Jaren Lockridge, director of The Well and chair of the Ward 8 Health Council (Courtesy photo)
Jaren Lockridge, director of The Well and chair of the Ward 8 Health Council (Courtesy photo)

As a mother, former government employee, director of The Well at Oxon Run Park and now the chair of the Ward 8 Health Council, Jaren Lockridge said she plans to expand resources for Ward 8 residents and make them more accessible.  

“We are so resourceful and we have such an abundance once we’re able to tap into it and see the value of it,” Lockridge said. 

The first Ward 8 Health Council Meeting of 2022 kicked off at United Medical Center in Southeast during which Lockridge included in her opening remarks, the request that everyone share their gifts. She clarified her comment, saying the “gifts” represent anything an individual has within and which they can share with the community.  

“The greatest resource that we have in Ward 8 is our human resources, our people,” she said. “That was on full display in my first meeting as chair of the Ward 8 Health Council.”  

She said “standing on the shoulders of giants” – something which she frequently realizes and relishes – has humbled her, knowing that others have paved the way in Ward 8 whose contributions will serve as a guide in the work before her. 

The council needed a new chairperson after Calvin Smith, the former chair, announced his plan to step down in September 2021.  

Lockridge, a native of Memphis, Tenn., said community is everything to her. She said she hopes some of her innate southern hospitality and charm have been positively received. She hopes those attributes will be beneficial and she works with neighbors and community leaders to empower the residents of Ward 8. 

“The beautiful thing about how my life is aligning right now is that it’s bringing my personal and professional capacities and passions into the forefront,” Lockridge said.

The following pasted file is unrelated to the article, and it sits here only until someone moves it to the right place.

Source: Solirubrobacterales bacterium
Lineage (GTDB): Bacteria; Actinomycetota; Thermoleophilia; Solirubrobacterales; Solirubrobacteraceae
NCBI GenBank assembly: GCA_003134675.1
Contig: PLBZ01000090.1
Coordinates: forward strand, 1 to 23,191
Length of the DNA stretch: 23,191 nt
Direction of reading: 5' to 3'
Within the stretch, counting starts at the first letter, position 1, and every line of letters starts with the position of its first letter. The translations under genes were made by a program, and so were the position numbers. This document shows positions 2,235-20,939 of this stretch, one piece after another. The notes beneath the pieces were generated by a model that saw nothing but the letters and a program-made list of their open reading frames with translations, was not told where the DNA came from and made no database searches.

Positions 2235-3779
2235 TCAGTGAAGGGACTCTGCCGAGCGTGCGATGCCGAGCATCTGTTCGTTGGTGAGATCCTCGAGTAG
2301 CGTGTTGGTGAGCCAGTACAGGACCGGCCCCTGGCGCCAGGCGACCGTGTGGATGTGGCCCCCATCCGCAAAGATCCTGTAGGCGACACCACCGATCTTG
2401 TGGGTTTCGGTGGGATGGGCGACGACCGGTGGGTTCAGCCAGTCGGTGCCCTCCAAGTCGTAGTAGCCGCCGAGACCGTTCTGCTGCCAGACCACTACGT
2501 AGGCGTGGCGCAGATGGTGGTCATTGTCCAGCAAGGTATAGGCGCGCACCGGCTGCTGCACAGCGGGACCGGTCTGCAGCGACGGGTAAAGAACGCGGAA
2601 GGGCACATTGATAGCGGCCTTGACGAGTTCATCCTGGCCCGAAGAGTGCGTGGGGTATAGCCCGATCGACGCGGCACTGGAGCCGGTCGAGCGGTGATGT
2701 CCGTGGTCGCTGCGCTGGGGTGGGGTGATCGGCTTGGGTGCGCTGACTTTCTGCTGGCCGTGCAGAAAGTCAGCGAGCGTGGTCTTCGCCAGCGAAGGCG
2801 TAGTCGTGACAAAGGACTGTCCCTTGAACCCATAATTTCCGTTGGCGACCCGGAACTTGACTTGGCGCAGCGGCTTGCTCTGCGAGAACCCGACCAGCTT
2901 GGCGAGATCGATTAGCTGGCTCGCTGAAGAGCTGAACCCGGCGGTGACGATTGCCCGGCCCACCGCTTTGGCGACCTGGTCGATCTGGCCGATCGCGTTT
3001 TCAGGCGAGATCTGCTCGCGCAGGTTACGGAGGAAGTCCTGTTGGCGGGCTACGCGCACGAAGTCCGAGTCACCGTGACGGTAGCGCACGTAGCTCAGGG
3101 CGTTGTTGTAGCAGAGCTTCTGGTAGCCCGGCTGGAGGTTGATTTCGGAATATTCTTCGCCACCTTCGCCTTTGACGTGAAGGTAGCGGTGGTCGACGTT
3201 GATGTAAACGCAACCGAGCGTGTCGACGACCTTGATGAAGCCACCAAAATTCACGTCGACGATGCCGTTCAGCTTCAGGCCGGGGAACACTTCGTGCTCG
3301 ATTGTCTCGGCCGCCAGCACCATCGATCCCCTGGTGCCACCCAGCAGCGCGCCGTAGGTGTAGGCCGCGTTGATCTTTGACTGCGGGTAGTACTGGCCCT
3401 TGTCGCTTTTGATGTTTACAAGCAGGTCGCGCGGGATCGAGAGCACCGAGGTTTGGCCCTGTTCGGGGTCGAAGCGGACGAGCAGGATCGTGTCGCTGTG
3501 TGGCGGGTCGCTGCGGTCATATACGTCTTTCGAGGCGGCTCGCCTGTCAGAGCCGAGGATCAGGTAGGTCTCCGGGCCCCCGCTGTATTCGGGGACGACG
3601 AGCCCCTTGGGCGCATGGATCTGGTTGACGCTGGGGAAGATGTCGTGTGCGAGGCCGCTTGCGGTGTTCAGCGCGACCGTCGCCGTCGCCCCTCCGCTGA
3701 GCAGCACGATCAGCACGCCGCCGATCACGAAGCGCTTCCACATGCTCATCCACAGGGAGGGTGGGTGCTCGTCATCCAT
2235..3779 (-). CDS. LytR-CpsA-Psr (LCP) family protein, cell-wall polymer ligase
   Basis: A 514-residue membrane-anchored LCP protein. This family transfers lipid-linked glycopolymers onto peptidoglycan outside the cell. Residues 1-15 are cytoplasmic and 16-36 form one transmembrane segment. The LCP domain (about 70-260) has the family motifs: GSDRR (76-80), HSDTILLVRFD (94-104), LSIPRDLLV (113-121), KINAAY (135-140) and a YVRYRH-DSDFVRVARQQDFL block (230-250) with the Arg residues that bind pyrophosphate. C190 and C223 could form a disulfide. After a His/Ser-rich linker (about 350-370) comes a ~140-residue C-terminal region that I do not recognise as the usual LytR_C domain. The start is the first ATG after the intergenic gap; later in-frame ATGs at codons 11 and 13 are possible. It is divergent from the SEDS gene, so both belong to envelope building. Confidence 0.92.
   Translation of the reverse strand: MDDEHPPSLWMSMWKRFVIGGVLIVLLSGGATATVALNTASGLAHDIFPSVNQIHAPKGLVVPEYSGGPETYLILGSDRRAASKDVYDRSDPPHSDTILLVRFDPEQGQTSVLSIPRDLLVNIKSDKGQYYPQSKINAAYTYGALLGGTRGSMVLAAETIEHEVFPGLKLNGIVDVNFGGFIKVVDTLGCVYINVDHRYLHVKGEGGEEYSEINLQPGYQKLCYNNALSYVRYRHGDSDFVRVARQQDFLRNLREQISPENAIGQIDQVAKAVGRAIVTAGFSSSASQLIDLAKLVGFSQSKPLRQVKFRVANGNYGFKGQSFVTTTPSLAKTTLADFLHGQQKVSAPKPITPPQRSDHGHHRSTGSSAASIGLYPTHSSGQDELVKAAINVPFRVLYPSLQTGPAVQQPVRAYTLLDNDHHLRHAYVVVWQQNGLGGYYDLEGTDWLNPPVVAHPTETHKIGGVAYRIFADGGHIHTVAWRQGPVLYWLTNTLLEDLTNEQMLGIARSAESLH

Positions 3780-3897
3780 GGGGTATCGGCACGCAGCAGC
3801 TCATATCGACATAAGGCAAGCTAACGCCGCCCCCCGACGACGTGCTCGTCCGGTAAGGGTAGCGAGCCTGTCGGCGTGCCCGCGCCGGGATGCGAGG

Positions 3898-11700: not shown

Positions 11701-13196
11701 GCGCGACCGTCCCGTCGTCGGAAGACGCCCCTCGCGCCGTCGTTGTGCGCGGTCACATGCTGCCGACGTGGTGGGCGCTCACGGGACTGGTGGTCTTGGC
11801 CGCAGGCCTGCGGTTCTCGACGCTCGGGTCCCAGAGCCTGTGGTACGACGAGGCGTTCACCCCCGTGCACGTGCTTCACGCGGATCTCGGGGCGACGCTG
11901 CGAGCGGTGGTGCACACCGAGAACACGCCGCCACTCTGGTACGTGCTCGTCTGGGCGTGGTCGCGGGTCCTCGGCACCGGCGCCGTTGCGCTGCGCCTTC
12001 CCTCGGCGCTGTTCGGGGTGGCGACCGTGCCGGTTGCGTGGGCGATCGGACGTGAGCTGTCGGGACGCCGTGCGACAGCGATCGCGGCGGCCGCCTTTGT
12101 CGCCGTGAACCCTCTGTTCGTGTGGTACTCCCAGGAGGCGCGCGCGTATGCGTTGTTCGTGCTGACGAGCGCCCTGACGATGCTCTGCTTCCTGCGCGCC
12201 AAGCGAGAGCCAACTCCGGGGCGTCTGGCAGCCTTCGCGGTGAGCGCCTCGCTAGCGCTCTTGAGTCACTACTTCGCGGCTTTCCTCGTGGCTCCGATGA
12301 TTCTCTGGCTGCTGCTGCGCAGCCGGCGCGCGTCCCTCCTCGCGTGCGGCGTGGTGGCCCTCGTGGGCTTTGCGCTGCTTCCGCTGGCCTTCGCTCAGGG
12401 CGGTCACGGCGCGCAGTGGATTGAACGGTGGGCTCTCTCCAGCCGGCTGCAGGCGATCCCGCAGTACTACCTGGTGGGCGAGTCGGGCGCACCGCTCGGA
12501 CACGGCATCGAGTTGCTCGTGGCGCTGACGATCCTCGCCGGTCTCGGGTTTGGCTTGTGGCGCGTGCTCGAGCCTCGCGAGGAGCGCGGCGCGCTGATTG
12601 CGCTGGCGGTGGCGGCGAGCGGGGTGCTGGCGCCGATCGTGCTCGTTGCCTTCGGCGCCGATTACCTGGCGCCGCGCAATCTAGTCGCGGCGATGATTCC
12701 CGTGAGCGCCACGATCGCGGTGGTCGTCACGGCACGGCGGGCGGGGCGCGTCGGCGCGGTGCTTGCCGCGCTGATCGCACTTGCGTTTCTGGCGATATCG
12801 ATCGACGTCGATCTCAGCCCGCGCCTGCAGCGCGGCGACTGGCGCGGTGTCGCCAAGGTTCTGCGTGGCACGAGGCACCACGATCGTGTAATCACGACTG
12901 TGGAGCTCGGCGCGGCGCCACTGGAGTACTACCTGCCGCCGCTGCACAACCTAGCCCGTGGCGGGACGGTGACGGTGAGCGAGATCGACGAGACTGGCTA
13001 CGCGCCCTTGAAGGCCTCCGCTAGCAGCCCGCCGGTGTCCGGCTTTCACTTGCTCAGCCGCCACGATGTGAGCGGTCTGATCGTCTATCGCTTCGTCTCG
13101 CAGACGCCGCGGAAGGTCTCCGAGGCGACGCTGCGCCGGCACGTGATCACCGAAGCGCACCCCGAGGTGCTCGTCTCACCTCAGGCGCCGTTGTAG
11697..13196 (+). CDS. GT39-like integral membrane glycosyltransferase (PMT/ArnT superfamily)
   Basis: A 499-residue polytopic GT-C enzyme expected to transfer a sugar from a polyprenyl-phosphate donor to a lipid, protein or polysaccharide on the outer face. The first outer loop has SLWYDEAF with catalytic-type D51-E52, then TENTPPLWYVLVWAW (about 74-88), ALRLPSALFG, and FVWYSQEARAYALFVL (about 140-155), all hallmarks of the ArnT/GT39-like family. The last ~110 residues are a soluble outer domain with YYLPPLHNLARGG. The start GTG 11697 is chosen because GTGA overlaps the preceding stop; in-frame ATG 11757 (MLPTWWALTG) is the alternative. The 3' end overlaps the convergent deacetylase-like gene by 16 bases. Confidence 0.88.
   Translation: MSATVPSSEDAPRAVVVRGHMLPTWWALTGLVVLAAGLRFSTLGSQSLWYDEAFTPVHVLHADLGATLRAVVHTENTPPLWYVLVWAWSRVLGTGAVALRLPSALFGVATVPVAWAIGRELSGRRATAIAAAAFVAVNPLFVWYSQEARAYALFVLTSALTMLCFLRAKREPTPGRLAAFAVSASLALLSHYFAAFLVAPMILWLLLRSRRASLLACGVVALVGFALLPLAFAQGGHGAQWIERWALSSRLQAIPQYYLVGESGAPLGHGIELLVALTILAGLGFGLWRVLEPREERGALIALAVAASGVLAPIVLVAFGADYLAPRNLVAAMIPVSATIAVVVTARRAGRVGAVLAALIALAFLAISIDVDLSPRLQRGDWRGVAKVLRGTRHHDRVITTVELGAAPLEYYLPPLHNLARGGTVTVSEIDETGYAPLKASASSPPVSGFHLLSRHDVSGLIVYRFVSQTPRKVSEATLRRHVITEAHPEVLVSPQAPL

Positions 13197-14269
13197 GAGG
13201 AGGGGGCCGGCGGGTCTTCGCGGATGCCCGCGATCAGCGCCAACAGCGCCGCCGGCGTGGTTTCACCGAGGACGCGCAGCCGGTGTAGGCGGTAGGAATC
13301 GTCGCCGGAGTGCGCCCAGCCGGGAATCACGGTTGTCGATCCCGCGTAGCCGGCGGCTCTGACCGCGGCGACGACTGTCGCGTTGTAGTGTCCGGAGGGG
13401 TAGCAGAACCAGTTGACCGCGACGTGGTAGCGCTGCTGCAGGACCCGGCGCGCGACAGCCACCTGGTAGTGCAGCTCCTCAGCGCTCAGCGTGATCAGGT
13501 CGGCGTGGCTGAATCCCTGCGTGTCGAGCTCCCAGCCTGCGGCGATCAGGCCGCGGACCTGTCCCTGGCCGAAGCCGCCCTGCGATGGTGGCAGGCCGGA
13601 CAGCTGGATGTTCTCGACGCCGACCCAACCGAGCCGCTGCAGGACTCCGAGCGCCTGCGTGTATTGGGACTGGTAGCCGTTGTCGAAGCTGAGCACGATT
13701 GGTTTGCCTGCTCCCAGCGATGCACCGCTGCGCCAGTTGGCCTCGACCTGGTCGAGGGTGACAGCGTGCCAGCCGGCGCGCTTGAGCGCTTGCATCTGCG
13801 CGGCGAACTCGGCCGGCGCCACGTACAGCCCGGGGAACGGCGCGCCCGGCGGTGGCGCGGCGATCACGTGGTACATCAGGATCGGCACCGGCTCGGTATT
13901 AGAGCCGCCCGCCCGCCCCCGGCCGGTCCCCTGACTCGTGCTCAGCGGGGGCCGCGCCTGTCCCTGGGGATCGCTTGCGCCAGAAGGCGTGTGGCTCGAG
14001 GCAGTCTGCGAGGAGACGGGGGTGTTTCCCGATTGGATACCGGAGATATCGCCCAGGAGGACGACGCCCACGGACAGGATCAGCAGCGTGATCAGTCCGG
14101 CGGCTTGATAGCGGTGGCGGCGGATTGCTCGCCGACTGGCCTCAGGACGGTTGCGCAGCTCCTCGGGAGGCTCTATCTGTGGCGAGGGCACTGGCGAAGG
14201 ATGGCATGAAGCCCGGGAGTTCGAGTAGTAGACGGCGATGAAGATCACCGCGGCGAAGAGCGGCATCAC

Health experts and professionals shared the many programs and resources that currently exist and which residents of the ward can now access. But with attendance meager, Lockridge said other methods of sharing that information to a larger audience and in plain language must be found. 

Communicating health information to the public, Lockridge says, is like code-switching and that “when it comes to the subject matter expertise, it can be really jargon-heavy.” 

Prior to working in the nonprofit sector, Lockridge worked in government. 

She said she’ll use her knowledge of how government communicates and apply a version of what she’s learned after retooling it “in a way that’s actually resourceful.” 

“I’m trying to lead by example by understanding firsthand what resources are available when it comes to my own health care team and healthcare system,” she said. “Then, I have to make sure those around me, including our children, are empowered with that same information.” 

Natalie C. Hockaday

Natalie Hockaday is a reporter at The Washington Informer covering health in the Washington, D.C. area. Natalie is part of the Report for America program and through this program, she continues to build...

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